In the Loop: The Endless

It’s a joke now that we’ve all been repeating the same day over and over for more than a year now. I had been thinking about this and also my unapologetic love of time loop movies.

Welcome to In the Loop, a project where I will write about time loop movies (and on occasion, TV shows) once a week.

Note: I will be writing about all of these movies as if you’ve seen them, so spoilers ahead!

The Endless (2017, directed by Justin Benson and Aaron Moorhead)

  • Time until the loop begins: It’s complicated
  • The cause of the loop/inciting incident: A space god
  • Number of time loops: It’s complicated
  • Lessons learned: Don’t be in a cult

In the Loop logoIs it still a time loop movie if there’s not actually a time loop? Or at least not the ones we typically think of when we think of time loop movies?

What if the clearest time loop relates to another movie? And is that movie a time loop movie if you never actually see the loop in it?

The Endless just makes things complicated.

Justin and Aaron (played by Justin Benson, writer/co-director, and Aaron Moorehead, co-director) are brothers who escaped from the UFO death cult, Camp Arcadia, that took them in after their mother died in a car wreck. Aaron gets a videotape in the mail from a cult member and wants to go back. Justin is against it but eventually relents.

The brothers return to Camp Arcadia and notice no one has really aged in the 10 years they’ve been gone (the members handwave it away by claiming it’s their good diets and such). Aaron likes it there but Justin remains suspicious. It turns out everyone is being controlled but some unnamed space god.

As for the time loops, Justin encounters some people stuck in them, including Michael and Chris from Benson’s and Moorehead’s Resolution (2012). Michael and Chris are stuck reliving the same week repeatedly, which always ends in their deaths. They’ve been looking for a way out.

Resolution was not a time loop movie. Well, not exactly. The end strongly implied that Michael and Chris had experienced the events of the movie before and were going to experience them again.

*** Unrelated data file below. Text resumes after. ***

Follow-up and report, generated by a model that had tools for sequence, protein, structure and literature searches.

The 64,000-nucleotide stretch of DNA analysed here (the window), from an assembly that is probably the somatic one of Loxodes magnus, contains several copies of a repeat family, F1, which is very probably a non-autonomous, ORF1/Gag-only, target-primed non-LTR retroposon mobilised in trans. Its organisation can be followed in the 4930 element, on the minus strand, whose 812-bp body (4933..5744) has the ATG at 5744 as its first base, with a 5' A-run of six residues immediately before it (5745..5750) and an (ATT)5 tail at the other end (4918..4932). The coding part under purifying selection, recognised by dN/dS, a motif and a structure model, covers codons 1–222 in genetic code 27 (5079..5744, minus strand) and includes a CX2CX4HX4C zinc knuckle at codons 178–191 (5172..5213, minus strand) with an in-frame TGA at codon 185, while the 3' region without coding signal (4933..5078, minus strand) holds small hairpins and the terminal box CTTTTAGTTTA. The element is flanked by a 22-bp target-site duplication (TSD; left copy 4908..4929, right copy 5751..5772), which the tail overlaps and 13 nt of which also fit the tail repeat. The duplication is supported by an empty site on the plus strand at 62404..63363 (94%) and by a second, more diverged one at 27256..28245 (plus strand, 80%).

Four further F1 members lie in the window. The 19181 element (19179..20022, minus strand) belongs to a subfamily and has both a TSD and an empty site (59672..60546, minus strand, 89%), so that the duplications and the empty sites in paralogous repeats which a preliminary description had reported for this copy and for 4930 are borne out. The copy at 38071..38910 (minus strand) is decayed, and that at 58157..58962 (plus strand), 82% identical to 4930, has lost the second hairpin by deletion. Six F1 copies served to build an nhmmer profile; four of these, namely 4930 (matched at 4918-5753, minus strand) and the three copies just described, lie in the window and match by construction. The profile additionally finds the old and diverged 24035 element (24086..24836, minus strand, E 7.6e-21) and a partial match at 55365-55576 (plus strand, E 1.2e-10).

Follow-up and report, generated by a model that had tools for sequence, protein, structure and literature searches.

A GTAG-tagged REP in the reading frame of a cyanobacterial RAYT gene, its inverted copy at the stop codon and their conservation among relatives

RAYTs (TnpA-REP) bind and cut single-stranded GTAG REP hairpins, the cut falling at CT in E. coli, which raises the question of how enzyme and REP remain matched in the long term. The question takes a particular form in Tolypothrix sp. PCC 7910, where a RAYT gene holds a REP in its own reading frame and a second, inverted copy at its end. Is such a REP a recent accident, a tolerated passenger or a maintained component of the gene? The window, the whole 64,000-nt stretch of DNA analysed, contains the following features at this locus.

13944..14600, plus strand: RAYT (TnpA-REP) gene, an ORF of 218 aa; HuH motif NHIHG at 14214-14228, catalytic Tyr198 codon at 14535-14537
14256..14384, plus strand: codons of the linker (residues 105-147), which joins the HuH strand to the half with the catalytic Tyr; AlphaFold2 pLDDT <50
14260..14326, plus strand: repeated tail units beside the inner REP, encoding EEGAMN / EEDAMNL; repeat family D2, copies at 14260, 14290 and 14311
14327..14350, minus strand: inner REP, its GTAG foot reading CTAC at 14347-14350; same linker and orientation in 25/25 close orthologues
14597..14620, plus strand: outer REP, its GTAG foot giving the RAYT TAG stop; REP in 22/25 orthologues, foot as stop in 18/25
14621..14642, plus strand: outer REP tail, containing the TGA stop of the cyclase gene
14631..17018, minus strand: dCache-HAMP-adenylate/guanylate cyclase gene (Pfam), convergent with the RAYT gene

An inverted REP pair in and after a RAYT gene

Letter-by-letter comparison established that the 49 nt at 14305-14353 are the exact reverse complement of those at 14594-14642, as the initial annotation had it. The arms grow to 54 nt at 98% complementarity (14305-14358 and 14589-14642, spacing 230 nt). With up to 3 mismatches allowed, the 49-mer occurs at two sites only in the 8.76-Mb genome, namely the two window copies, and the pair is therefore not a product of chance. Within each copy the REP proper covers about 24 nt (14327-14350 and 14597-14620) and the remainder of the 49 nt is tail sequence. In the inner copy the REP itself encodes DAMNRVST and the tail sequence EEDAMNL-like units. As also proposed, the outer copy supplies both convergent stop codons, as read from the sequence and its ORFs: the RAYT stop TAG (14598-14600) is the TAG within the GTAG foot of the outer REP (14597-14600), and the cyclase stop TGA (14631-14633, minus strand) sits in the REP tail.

There’s some stuff about three moons and escaping before the third rises (just … go with it?) Justin and Aaron manage to escape from being caught in the cycle of life and death (dare I say, the endless cycle of life and death) before it’s too late. The CGI effects are kind of cheap (this is a low-budget movie, to be fair) but it’s an effective enough ending.

The general plot doesn’t matter as much as the ideas it’s reaching for, which involves a lot of ideas of inevitability and the possibility of escape (which is a common theme throughout a lot of time loop movies). To drive this point home, there are a lot of various images of circles in this movie. It wants a certain folk horror mood that it can never quite sustain and some of the moments of humor feel out of place. The acting could be stronger. Benson and Moorehead do an adequate job and they do have a good brotherly chemistry but their performances are a little flat.

Admittedly, I liked this less on rewatch than I did the first time I saw it. I think not knowing where it is all going helps this movie, but I still love its ambition and what it’s trying to do. I’ve seen all of Benson’s and Moorhead’s features at this point and I feel like this is the weakest of them. But I also feel like it’s probably their most personal of the one they’ve made so far.

Is it a time loop movie? It’s close enough that I’m still counting it.

Next week on April 27: Happy Death Day and Happy Death Day 2 U

In the Loop logo by Sarah Burnett. If you’d like to support this project, buy one of my Polaroids.